I only bring this up because I even heard the phrase on the BBC news coverage of last night’s primaries. Of course they’ve been using it for a month already on the American network and cable news. Last I looked there were 50 states in the US. So far there have been primary contests in 10 states (11 if you count the beauty pageant in Missouri; they have a caucus in March where they will actually elect delegates). So yes, it’s dragged out all the way to where one out of every five states has participated in the democratic process! And none of the biggest states other than Florida have voted yet.
What disturbs me about the overuse of the idea of dragging it out is the idea that our elections should somehow be decided definitively by an even smaller minority of voters than they already are. If we really like democracy, shouldn’t we be looking for ways to ensure that more voters have a say before it is decided? Apparently not.
What I find hilarious about the overuse of the phrase, particularly on the cable news shows, all of them, Fox, CNN, and MSNBC, is that they use the phrase constantly and nearly beg for the race to be over. Really? I don’t think I’ve ever heard anything more disingenuous. Their ratings all depend on the race continuing. The last thing they want is to see it wrapped up. Which tells you that, for them, whether on the conservative or the liberal network, it’s much more about the show and the performance of the hosts than it is about anything else. It certainly isn’t about honestly reporting on the primaries.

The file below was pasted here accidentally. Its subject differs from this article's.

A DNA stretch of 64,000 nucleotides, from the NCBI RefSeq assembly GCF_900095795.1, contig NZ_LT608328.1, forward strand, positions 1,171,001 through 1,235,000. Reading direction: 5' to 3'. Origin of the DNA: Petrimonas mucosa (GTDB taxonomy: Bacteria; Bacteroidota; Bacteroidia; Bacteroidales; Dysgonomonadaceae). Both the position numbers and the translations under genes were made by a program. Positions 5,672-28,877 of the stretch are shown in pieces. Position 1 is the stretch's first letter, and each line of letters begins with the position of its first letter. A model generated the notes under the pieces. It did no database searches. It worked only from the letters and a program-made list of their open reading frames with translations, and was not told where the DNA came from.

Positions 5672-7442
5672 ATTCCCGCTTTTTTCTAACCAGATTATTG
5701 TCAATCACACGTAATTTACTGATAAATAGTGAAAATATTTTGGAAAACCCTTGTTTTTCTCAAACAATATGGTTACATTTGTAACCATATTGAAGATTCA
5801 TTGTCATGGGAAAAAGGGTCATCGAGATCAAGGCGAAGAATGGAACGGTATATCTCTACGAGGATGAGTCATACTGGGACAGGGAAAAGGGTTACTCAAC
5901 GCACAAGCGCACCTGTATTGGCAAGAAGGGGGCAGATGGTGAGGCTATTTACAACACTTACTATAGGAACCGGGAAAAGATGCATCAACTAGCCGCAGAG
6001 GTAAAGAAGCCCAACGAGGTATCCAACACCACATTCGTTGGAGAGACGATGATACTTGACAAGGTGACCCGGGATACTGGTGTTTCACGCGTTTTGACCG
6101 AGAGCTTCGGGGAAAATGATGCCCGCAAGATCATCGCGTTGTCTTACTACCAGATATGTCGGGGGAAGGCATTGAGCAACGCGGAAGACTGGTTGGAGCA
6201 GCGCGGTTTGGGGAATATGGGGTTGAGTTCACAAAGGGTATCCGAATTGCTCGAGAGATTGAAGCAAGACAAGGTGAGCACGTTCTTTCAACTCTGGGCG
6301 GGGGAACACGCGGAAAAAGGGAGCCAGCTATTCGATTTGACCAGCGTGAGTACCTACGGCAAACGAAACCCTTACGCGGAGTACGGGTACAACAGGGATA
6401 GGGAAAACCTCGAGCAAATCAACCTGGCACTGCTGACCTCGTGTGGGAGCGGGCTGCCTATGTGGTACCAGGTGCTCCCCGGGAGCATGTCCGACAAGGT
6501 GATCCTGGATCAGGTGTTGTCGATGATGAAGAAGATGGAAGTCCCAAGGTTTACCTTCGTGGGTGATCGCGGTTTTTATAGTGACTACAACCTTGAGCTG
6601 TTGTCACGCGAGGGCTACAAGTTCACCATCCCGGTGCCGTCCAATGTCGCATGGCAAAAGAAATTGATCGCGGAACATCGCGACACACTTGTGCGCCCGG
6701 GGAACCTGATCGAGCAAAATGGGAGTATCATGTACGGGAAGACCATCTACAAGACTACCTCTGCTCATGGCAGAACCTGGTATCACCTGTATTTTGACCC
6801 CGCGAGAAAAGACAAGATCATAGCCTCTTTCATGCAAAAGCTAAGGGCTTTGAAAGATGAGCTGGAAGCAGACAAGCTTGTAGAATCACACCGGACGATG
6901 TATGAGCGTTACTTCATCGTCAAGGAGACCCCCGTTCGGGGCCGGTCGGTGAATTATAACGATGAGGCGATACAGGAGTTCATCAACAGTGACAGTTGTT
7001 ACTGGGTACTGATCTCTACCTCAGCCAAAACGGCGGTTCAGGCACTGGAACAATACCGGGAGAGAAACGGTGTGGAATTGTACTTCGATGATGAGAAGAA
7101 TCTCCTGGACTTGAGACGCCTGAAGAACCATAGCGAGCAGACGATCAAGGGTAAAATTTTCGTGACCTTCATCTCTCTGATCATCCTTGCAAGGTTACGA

In other news, the second ranking Democrat in the House, Steny Hoyer, is making noise again about working out a “grand bargain” with the Republicans to cut the deficit. Something to keep an eye on. Democrats have been burned so many times lately, my first reaction is to cry make it stop! And we’ll wait for details to emerge. And because we have to be reminded of this every time it comes up, Social Security had nothing to do with the deficit or financial crisis, and it shouldn’t be cut to let off the hook those who were responsible for the crisis and the debt. Medicare is more problematic, and we need to save money there, and that doesn’t mean simply cutting benefits. Remember, we pay more than twice as much per capita for health care, with worse outcomes, than any other developed nation. If we paid what other countries did for our health care, we would have budget surpluses not deficits. And if we followed any of those plans that work, we would not only save money, we would also have better health. (The problem in America of course, is that those who make the huge profits control the discussion and the reality of health care in America, making our using any of the methods of other developed countries very unlikely, at least in the short term. That fact doesn’t require me to pretend real solutions–other than massive cuts to benefits–don’t exist.)